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https://loopvids.s3.amazonaws.com/Nov08Post.mp4 Metaphors are very helpful, and they are also very dangerous. They are helpful as they ease the transmission of ideas from brain to brain. They facilitate communication. They don't need to be accurate. So long as everybody has an internal idea of what they mean. We all have plenty of shared experiences. But these shared experiences are very hard to articulate. For example, say you see a cute girl across the room. You start walking over, but then you lose your nerve. So you slightly shift your trajectory and walk somewhere else. All the while pretending that was your initial plan. You do this so nobody will know, except you and your buddies, that you chickened out at the last minute. This is a very common experience. So when you came back, and face your friends, EVERYBODY knows what's up. They ask, "Why did you abort?" You answer, "Just wasn't feeling it." They know what you mean. You know what you mean. But supposed you were hosting an exchange student from another planet. A creature that was like Spock. Pure logic. He wouldn't understand why you used the term "abort." He would have no clue what it means to say, "not feeling it." Between humans, these two simple phrases, "abort" and "not feeling it" convey a TON of information. But to a Vulcan, they would be meaningless. This is how metaphors work to convey a TON of information, utterly rich in emotional complexity, with only a few phrases. However, when we argue, metaphors are the LAST thing we need. Because metaphors used to argue tend to completely miss the point. When having a verbal confrontation, often metaphors get in the way. They make very simple arguments SOUND complex. But if you pay close attention, the metaphors are REALLY saying some very, very simple ideas. Your idea is stupid. No, your idea is stupid. You are stupid! No, YOU are stupid!! If you pay close attention to any disagreement, especially online, this is basically the structure. Even worse is when you have a bunch of people on either side of the argument. Because the colorfully metaphorical statement of "you are stupid" means a great deal to one side. Just like "abort" and "not feeling" it means a great deal. The trick is to train yourself to look beneath the metaphors. To FORCE the other person to present their case in NON metaphorical terms. Because when they do that, they will be forced to admit their ENTIRE argument is of the form, "you" or "your idea" is stupid. Once you get them to admit that, it's very easy to crush their position. Just keep asking them why they think that. Since nearly ALL arguments are based on emotions, and NOT logic, this is an easy way to WIN every single argument. With anybody. Learn How: https://www.udemy.com/course/verbal-assassin/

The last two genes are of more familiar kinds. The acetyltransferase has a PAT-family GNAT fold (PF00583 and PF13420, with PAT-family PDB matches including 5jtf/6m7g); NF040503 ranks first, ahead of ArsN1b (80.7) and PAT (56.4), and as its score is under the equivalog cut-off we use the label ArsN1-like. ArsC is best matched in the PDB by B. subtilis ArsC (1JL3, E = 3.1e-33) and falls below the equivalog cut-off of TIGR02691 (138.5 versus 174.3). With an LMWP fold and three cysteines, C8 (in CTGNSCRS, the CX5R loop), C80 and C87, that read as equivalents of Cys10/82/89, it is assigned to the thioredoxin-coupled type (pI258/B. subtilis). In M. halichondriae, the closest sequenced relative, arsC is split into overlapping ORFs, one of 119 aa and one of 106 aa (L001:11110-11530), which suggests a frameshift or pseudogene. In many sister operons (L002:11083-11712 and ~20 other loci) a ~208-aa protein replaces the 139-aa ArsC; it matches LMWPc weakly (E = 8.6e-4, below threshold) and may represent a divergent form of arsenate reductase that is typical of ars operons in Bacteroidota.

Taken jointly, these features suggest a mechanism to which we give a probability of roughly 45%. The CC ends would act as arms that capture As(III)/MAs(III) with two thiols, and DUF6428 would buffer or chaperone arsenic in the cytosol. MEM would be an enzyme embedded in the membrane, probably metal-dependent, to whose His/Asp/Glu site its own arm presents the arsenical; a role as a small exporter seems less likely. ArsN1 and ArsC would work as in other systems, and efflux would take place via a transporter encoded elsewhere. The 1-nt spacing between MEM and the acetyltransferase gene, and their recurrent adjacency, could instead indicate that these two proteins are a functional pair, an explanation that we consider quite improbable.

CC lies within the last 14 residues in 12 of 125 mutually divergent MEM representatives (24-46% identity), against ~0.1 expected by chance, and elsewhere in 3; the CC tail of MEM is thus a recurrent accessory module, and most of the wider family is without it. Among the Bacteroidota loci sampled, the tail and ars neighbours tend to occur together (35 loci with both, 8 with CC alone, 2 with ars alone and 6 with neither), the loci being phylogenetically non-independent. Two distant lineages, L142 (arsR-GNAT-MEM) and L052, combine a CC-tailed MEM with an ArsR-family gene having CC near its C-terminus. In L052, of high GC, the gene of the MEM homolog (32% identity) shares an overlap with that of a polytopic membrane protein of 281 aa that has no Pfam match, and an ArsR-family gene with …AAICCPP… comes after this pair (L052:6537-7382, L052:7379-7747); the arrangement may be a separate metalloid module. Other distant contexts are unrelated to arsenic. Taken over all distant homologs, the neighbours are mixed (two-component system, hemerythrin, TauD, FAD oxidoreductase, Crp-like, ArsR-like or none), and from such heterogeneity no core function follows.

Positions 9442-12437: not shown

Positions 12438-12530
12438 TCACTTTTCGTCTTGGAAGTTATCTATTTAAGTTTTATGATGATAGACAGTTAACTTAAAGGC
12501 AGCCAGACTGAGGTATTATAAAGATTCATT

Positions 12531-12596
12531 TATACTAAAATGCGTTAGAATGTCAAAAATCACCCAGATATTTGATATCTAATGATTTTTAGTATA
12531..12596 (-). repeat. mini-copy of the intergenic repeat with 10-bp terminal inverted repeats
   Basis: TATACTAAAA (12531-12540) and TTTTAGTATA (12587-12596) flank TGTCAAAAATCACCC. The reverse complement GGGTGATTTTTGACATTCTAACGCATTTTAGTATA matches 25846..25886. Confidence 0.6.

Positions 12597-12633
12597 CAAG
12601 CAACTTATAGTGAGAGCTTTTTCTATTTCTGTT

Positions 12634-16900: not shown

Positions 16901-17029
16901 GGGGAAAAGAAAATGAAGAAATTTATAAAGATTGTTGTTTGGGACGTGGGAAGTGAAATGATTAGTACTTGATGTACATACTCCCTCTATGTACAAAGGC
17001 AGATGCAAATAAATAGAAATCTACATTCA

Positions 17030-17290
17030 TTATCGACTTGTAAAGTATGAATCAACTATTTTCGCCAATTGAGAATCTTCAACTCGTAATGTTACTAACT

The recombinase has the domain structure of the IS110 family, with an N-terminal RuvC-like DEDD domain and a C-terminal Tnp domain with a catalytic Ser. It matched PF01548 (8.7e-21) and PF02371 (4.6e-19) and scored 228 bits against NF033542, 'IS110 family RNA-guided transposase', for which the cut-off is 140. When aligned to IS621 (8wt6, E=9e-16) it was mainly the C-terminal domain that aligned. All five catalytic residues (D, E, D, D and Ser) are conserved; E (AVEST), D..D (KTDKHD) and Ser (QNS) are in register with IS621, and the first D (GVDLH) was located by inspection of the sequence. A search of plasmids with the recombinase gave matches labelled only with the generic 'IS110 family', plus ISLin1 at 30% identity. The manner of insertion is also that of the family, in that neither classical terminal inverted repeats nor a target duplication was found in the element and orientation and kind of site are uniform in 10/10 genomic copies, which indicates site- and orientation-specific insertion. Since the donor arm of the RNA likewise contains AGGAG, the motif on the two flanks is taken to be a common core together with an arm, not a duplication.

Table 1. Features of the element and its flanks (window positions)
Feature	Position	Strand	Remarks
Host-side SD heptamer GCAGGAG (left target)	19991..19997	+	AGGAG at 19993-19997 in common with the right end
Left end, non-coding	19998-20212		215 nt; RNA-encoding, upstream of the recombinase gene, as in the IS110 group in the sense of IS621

https://loopvids.s3.amazonaws.com/Oct20Post.mp4 What makes a classic movie? Nobody really knows. It's one of those things we all know when we see it. But if anybody could make on purposely, they would. Even decent movies vs. crappy movies. We all agree, more or less, which movies are really good, and which ones are really crappy. Sure, we disagree on the so-so movies. But classic movies like, "The Godfather," or "Citizen Kane," are pretty unanimous. Few people would watch "The Godfather," and say: "Yeah, that movie sucked." Nobody would ever watch "Howard The Duck," and think that they'd just seen the next classic of the ages. But the weird thing is that while we can all agree that movies like "The Godfather," are awesome, and movies like "Howard The Duck," pretty much suck, nobody can CREATE something that is awesome. For every Godfather, there are tons of movies that suck. But while they were making those movies, they all thought they were going to be awesome. Nobody makes a crappy movie on purpose. Even Al Pacino, when he was making The Godfather, thought HE sucked. He admitted that while they were filming the movie, he kept having self doubts. He thought people would see him, think he sucked as an actor, and that would be that. All this is due to the simple idea that things we value, we value SUBJECTIVELY. If somebody told you to make a cube made out of a certain mix of metal, and had a certain density and set of measurements, it would be easy. You wouldn't create it, measure all the dimensions, and hand it off to your boss thinking, "Gee I hope his scale measures weight the same way my scale does!" That would be silly! We all like good things. But it's equally hard to CREATE good things. One common idea in marketing is "you are not your market." If you absolutely LOVE peanut butter sandwiches, and can't live without them, that doesn't mean you'd be successful opening up a peanut butter sandwich restaurant. One common reason most businesses fail is they are too attached to THEIR OWN idea of success. To the extent you can be absolutely OBEDIENT to the demands of the market, you'll be successful. This is also why we all have a deep fear of expressing what WE subjectively like and want. We KNOW everybody is else might have a different opinion. We a movie, we think it's awesome, and can't wait to tell everybody. But then we read some online reviews and find out that everybody else on the planet think it absolutely sucked. So we tend to keep our opinions to ourselves. This means that everybody is FILLED with opinions, desires and fantasies that they are DYING to share. If you help them express them, expand them and validate them, they'll do ANYTHING for you. Learn How: https://www.udemy.com/course/get-anybody/